One thing that the Kony 2012 phenomenon has created is a renewed interest in viral advertising amongst charities.

Seth Godin and Jeff Brooks have some words of advice on your chances of achieving the same sort of impact as Invisible Children, but if you are still interested in giving it a go, some recently released research might be of a little help.

It's based on eye-tracking studies used to determine what people are actually looking at when they watch an online video along with facial expression analysis that helps reveal what they are feeling.

The research team, led by Thales Teixeira, used the techniques to isolate what elements of an ad encourage engagement or cause people to stop watching. 

As a result, they have identified the five big problems that the aspiring viral marketer faces along with some possible solutions…

Prominent branding puts off viewers

Viewers seem to focus on mouths, eyes and logos. But the more prominent the logo, the more likely viewers are to stop watching – even if they like the brand. Why? People seem to have an unconscious aversion to being persuaded, so when they see a logo they resist.

The solution is to copy Coke and weave the logo unobtrusively throughout. A tactic that can increase viewership by up to 20%.

People get bored immediately

Keeping people viewing depends on generating two emotions – joy and surprise. It's important to deliver them early. This Apple parody uses Mr. Bean rather well in this respect.

Don't use old school advertising techniques that escalate towards a dramatic climax or a surprise ending because people simply don't wait around that long for the pay off.

People stop watching as soon as they get bored

Viewers are more likely to keep watching a video ad if they experience emotional ups and downs. It's a little like walking in to a warm house on a cold day. We get an immediate buzz of pleasure that soon wears off. The researchers recommend that advertisers need to briefly terminate viewers' feelings of joy or surprise and then quickly restore them, creating an emotional roller coaster.  Check out Bud Light's Swear Jar ad as an example of this technique in action.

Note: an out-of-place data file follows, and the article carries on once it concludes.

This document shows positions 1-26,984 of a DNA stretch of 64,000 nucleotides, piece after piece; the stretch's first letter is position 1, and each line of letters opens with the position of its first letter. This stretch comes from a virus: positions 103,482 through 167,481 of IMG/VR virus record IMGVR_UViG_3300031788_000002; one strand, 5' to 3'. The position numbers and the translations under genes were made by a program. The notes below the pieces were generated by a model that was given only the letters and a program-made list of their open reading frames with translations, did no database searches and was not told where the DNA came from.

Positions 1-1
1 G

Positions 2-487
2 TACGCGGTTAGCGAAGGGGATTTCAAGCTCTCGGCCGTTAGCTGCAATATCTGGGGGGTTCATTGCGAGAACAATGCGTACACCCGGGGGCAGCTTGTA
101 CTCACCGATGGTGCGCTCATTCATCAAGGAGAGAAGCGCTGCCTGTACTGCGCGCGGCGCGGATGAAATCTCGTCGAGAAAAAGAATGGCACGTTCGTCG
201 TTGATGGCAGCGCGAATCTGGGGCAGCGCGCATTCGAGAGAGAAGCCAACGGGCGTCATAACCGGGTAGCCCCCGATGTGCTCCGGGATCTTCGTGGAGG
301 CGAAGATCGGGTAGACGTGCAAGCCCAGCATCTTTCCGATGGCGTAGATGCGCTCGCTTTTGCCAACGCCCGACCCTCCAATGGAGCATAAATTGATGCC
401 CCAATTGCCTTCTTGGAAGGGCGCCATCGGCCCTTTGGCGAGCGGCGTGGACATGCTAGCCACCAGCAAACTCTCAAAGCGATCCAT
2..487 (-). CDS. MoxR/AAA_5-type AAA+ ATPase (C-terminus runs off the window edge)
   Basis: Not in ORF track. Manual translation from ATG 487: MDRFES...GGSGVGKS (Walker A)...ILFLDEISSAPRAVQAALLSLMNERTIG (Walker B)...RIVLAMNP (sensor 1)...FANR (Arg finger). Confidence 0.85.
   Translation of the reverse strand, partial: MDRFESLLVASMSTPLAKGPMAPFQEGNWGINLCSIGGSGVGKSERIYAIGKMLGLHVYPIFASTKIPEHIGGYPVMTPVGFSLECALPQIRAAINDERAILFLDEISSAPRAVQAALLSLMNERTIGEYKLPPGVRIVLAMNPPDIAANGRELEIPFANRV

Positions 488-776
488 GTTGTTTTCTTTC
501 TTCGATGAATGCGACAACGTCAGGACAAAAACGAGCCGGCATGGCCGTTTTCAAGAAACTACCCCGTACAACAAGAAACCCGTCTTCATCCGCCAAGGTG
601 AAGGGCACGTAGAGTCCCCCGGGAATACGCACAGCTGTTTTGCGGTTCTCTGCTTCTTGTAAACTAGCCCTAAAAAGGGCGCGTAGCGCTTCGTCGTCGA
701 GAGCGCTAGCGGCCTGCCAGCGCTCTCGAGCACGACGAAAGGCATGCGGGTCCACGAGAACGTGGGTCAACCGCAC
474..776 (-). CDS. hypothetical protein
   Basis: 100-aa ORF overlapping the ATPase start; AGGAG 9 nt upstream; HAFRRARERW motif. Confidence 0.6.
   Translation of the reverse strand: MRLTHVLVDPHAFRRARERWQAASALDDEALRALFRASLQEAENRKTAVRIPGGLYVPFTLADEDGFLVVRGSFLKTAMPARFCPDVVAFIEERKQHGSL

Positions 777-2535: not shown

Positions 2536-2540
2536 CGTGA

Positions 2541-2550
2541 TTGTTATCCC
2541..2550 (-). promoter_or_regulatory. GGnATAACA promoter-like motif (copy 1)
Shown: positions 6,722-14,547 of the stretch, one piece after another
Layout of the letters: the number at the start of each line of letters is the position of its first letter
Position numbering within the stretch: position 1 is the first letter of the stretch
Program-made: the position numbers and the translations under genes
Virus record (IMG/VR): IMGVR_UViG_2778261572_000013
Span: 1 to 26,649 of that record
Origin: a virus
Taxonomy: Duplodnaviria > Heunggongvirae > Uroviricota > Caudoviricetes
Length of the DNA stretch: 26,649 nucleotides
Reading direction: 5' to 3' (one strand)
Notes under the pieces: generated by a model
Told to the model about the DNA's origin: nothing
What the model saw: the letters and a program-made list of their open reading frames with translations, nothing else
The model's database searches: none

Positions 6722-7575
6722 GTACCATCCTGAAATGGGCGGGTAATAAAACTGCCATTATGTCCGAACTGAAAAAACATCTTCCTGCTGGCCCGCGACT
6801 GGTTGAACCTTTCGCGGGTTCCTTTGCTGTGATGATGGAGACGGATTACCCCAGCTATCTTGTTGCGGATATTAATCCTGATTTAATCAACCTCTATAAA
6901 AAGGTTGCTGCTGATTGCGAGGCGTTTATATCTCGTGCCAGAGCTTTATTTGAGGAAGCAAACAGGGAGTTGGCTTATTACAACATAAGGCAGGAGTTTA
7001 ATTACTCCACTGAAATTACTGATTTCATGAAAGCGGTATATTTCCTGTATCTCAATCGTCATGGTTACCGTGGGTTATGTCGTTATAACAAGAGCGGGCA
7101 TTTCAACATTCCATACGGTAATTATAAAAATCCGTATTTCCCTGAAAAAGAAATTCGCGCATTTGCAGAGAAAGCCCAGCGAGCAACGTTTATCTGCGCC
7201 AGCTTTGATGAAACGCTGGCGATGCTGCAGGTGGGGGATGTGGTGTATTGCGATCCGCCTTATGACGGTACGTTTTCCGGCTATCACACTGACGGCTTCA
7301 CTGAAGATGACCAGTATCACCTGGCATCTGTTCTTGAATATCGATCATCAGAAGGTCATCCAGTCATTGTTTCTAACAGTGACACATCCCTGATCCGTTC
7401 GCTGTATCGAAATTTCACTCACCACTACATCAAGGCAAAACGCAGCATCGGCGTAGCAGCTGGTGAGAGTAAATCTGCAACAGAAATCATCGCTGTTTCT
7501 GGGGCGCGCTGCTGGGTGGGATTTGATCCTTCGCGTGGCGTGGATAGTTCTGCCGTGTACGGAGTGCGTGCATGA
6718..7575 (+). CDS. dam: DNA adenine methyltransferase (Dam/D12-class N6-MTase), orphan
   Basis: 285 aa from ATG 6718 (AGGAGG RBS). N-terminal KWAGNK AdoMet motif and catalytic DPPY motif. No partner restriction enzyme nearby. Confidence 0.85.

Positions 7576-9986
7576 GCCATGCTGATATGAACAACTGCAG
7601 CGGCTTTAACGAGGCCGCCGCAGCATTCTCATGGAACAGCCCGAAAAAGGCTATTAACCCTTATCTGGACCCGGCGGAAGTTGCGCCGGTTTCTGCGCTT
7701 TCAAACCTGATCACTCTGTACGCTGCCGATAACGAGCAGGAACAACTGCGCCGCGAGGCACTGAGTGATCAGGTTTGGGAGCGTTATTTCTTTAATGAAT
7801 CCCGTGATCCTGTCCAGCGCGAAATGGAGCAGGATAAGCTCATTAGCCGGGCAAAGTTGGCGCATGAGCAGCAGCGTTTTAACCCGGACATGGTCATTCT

People like an ad but won't share it

People know they are going to be judged by what they pass on to others. They may be happy to watch something a little risque, but they will probably think twice about passing it on to their friends – particularly if they are worried that it might get them in to trouble at work. Clothing Drive, also by Bud Light, is an example of an ad that gained a fair number of views, but was not widely shared.

So surprise, but don't shock.

People still won't share an ad.

Only a few people will share an ad, so target those people who like to pass things on to their friends. And the people who are most likely to share are those who want to demonstrate something about themselves – that they are connected and media-savvy.

In short, sharing is a way to show off.

If you'd like more detail on the study you can see an interview with Thales here.

And to close, I thought I'd feature one of my favourite virals of all time. It's over twelve minutes long but rather good. See how long it takes you to work out what product it's promoting.